Mauja was eager for the distraction from her morbid thoughts. "What are you talking about?"  

"One of our wonderful guards was so kind as to dispatch this predator." Tengwa curled her lip in disgust. "He just couldn't be bothered to dispose of it. Not like attracting scavengers near helpless offspring that must be left unattended while their mothers seek out substance would have any negative consequences."  

The guards, the males of the pride, were something Mauja usually ignored. Males come and go, the saying went, but we remain forever. Her own brothers had been driven out, as males always were. Males served their purpose, but there was no good getting attached to one. At least that's what she had always been taught, and thus far in her short life, she had not seen a reason to question it. The breeding that had led to the disappointing development this evening had simply been a rite of passage.  

Mauja flinched, her eyes darting back the way she had come. She had done no better than the guard. Leaving the proof of her failure like she had might cost one of her pride mates their cubs!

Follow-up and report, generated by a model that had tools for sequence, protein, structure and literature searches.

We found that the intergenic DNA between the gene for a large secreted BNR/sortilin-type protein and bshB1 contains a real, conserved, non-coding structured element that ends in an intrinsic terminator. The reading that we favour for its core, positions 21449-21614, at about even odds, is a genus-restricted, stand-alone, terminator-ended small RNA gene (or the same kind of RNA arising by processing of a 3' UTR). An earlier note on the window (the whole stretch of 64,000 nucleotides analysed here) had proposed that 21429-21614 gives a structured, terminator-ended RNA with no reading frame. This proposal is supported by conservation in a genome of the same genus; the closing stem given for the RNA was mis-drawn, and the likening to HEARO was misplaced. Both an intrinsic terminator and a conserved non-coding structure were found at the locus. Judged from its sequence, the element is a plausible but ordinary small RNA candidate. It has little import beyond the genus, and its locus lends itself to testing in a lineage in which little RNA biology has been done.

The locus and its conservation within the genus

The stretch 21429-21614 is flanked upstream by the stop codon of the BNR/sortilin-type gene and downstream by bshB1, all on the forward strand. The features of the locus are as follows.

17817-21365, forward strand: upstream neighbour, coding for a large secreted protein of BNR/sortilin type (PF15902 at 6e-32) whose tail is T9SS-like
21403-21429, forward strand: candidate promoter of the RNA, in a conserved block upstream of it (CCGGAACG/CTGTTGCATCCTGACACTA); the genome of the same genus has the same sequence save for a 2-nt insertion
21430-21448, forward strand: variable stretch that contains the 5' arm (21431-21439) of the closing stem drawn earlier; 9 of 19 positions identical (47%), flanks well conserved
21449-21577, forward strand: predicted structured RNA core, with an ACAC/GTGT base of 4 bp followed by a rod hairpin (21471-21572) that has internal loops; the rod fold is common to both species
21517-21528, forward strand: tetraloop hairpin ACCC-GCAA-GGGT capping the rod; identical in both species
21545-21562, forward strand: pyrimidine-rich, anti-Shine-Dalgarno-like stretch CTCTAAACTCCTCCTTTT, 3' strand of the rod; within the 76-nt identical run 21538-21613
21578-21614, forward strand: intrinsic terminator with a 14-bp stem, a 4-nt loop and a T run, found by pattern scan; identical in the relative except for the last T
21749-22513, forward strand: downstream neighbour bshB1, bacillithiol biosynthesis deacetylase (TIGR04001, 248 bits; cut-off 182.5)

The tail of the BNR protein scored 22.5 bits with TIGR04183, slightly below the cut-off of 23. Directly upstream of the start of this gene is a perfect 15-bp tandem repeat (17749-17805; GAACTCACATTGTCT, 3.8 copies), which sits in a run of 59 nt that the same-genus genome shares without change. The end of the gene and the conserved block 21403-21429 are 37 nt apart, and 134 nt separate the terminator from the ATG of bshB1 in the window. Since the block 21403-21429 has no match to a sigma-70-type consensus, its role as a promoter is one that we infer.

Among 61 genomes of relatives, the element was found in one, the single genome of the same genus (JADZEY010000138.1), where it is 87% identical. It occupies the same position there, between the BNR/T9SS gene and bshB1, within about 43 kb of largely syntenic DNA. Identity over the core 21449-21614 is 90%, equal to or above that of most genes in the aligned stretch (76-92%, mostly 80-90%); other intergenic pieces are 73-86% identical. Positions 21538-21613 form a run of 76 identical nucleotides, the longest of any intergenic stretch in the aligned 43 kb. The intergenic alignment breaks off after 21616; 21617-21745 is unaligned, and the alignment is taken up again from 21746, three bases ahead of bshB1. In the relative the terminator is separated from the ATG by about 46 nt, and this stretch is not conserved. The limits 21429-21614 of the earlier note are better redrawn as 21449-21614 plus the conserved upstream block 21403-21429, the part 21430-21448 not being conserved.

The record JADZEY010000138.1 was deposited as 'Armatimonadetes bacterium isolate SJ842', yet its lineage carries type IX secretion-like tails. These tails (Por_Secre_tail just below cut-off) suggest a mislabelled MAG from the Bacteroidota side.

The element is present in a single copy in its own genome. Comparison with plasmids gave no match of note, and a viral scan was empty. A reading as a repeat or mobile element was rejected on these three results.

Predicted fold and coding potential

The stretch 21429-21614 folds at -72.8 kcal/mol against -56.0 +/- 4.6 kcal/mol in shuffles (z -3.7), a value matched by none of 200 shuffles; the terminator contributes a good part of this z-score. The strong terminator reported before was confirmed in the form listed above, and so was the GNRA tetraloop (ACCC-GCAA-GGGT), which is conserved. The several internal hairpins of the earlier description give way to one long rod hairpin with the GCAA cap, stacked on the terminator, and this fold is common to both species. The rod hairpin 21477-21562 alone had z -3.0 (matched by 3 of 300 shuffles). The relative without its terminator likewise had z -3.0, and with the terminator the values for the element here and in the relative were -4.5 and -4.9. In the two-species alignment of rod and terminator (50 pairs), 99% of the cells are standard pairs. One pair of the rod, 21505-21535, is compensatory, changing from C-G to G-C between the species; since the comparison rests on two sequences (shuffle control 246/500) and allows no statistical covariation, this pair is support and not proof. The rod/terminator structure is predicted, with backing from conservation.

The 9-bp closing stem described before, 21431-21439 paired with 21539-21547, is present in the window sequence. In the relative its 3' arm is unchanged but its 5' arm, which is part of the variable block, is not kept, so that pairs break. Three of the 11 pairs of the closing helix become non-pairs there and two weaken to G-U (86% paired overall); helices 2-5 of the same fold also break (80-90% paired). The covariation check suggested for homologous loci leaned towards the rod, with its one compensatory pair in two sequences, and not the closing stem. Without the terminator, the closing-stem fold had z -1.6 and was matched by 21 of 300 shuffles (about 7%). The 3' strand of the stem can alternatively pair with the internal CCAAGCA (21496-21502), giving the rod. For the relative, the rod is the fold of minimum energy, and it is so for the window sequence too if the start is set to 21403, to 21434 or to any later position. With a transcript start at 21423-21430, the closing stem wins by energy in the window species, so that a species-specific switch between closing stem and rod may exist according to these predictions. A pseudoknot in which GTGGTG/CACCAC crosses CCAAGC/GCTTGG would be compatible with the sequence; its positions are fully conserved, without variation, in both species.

Before she could say anything, her sister added, "So it fell to me." Tengwa dragged the carcass a bit further down the bank and let it slide down into the river.  

No sooner did the body hit the water than the surface churned and dark scales glinted in the moonlight. What the young lioness had taken for old logs turned out to be crocodiles.  

Mauja swiftly backed away from the bank, her thirst no longer as great a concern. I can't believe I forgot! She cursed herself and her distracted thoughts.  

Tengwa looked her over through suspicious eyes. "You've had your cubs." She snorted. "About time. Congratulations."  

Mauja muttered a thank you, eyes still on the settling water. I've got to get my head together. So I lost the cubs. Her throat seemed to close up on her. It... it happens.  

Tengwa followed her gaze. "Would you grow up? I had to get rid of it as soon as possible..." She looked back at her and sighed. "Oh, no. Not this again. Look, it had to be done. Our cubs come before hers; they're likely already dead anyway."  

"That's not what I was thinking, thank you!" Mauja fought back a snarl. Her tail swished, her pain finding a target.  

"Oh really?" Tengwa smirked. "Then what was on your mind that you looked like a cub the first time its denied milk?"  

"I..." She couldn't say she'd lost the litter, nor could she admit she had forgotten the crocodiles lived in this part of the river. It was no secret the other lioness thought her an idiot. I prove her right enough as it is.  

Tengwa didn't wait for her to answer. "That's what I thought." She clicked her tongue. "I almost expect you to start eating grass. Your kindness is going to get you in trouble someday. Well, see you around. My cubs need to eat, and moonlight's wasting."